We're working on our plan of action this weekend.  Treating it is not a big deal-- it basically would require being on thyroid meds the rest of his life.  It's more this in combination with everything else and all the heart meds he is on now.  On top of that, I started reading a blog about a little boy who has Down syndrome and there is an entire list of all the things he can do (he is 11 months old-- Joey is almost 10 months old). This little guy in the other blog can sit up, say ma ma, pick out colored blocks, play peek a boo, self feed-- my gosh-- the list goes on and on.  All I could do is read it and think-- but we can't do any of that, yet.  It's such an overwhelming feeling.  I feel like I have so much work to do-- so much to help Joey with.  I need to slow it down and take it one day at a time-- I know this.  I need to let Joey heal and recover.  I also know this.  That being said, we have a LOT of work to do and it's my new mission in life to help this precious boy start to thrive even more.  In the meantime, he just smiles at me and melts my heart along with anyone else who meets him.  Thankfully I have a husband who knows exactly when to help me slow down and calm down.

Shanna and Miles dropping off a meal (and Dos Equis!!!)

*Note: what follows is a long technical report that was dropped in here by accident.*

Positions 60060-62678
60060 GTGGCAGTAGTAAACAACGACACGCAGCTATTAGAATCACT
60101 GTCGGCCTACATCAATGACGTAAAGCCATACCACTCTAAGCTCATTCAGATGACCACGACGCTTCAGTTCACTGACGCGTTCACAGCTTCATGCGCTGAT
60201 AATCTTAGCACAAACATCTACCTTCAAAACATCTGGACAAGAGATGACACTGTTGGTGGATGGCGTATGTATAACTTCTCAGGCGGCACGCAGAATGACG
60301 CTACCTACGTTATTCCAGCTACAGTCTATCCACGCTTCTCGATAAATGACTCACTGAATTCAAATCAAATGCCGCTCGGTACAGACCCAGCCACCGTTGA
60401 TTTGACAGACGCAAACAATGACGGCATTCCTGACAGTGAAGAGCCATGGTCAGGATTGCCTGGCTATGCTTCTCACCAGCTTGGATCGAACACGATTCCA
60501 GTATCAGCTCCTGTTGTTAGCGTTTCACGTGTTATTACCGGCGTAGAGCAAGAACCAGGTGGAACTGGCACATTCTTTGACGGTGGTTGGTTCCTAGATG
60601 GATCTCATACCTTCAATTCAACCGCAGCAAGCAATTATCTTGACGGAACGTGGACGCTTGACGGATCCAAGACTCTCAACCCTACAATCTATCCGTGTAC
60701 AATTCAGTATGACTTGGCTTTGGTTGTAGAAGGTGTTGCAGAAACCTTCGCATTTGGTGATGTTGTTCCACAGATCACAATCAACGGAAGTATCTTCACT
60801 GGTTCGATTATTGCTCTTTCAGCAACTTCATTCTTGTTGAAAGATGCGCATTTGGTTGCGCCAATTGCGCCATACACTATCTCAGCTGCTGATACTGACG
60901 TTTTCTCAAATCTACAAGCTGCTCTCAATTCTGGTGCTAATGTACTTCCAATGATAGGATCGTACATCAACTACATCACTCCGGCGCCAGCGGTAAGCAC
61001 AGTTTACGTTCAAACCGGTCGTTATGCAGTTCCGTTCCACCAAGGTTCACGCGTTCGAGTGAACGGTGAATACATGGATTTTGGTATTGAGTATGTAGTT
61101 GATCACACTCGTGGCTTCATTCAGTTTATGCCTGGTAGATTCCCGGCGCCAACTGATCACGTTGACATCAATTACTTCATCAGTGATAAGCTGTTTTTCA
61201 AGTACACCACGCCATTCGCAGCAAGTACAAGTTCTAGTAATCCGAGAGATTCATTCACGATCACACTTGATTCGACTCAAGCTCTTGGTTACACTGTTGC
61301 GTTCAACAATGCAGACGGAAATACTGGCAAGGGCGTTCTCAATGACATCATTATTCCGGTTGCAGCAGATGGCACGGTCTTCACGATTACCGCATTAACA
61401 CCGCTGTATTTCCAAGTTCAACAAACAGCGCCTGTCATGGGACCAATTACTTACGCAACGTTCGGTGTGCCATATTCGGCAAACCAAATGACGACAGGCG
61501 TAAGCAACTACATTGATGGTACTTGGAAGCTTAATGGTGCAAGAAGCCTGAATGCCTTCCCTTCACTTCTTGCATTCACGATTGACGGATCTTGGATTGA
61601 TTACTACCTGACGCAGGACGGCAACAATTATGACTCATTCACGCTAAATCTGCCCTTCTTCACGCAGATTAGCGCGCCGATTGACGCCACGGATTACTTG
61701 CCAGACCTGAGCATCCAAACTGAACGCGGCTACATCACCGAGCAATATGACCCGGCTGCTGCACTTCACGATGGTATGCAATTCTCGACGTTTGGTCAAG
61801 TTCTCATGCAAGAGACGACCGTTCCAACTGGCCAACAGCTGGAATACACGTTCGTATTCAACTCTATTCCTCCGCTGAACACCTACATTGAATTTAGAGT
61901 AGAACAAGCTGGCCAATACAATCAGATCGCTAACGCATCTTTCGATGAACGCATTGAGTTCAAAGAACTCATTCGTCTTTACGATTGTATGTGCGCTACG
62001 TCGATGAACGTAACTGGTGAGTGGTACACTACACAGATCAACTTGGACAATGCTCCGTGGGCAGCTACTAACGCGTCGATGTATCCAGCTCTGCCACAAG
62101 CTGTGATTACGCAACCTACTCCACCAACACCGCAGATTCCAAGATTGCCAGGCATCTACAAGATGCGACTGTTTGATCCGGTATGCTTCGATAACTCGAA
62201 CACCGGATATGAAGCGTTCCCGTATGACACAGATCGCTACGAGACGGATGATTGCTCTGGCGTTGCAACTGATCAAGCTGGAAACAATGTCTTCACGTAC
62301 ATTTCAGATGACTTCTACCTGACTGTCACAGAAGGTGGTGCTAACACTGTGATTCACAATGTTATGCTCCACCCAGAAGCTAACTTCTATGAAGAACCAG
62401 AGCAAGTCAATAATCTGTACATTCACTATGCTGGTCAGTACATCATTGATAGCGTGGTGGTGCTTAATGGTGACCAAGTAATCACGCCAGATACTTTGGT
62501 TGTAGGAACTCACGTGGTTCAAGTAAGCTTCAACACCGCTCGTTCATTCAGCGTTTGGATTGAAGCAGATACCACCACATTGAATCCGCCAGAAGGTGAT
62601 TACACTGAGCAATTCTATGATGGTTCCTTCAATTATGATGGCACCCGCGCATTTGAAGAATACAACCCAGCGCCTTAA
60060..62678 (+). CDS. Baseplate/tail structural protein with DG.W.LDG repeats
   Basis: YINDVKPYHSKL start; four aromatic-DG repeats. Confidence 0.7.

There's a lot on our "to do" list.  The process of getting home (for days I had no idea what the date was or what day of the week it was) and getting organized has been slow, but it has been greatly helped by a "meal train" set up by many, many kind and compassionate friends who have been cheering Joey on all the way.  It's also been greatly helped by the kindness of other friends who organized a clean up day in our yard while we were away last weekend.  Visitors, friends and family have given us so much love and it is truly making this recovery much less stressful than it would be.  We feel so blessed that Joey has touched and inspired so many people to go above and beyond.  We've gotten scar cream in the mail, cards and notes of love and good wishes for Joey, bottles of wine dropped off on the front porch (my personal stress reliever), a new changing table from Tom's mom for the family room so it is easier to change Joey rather than carrying him upstairs.  It's just incredible.  I try to mention every act of kindness and I'm sure I miss some of them.  I hope that people know how much the kindness means.  I go to bed every night feeling so incredibly thankful, grateful and blessed.  We wake up every day feeling the same.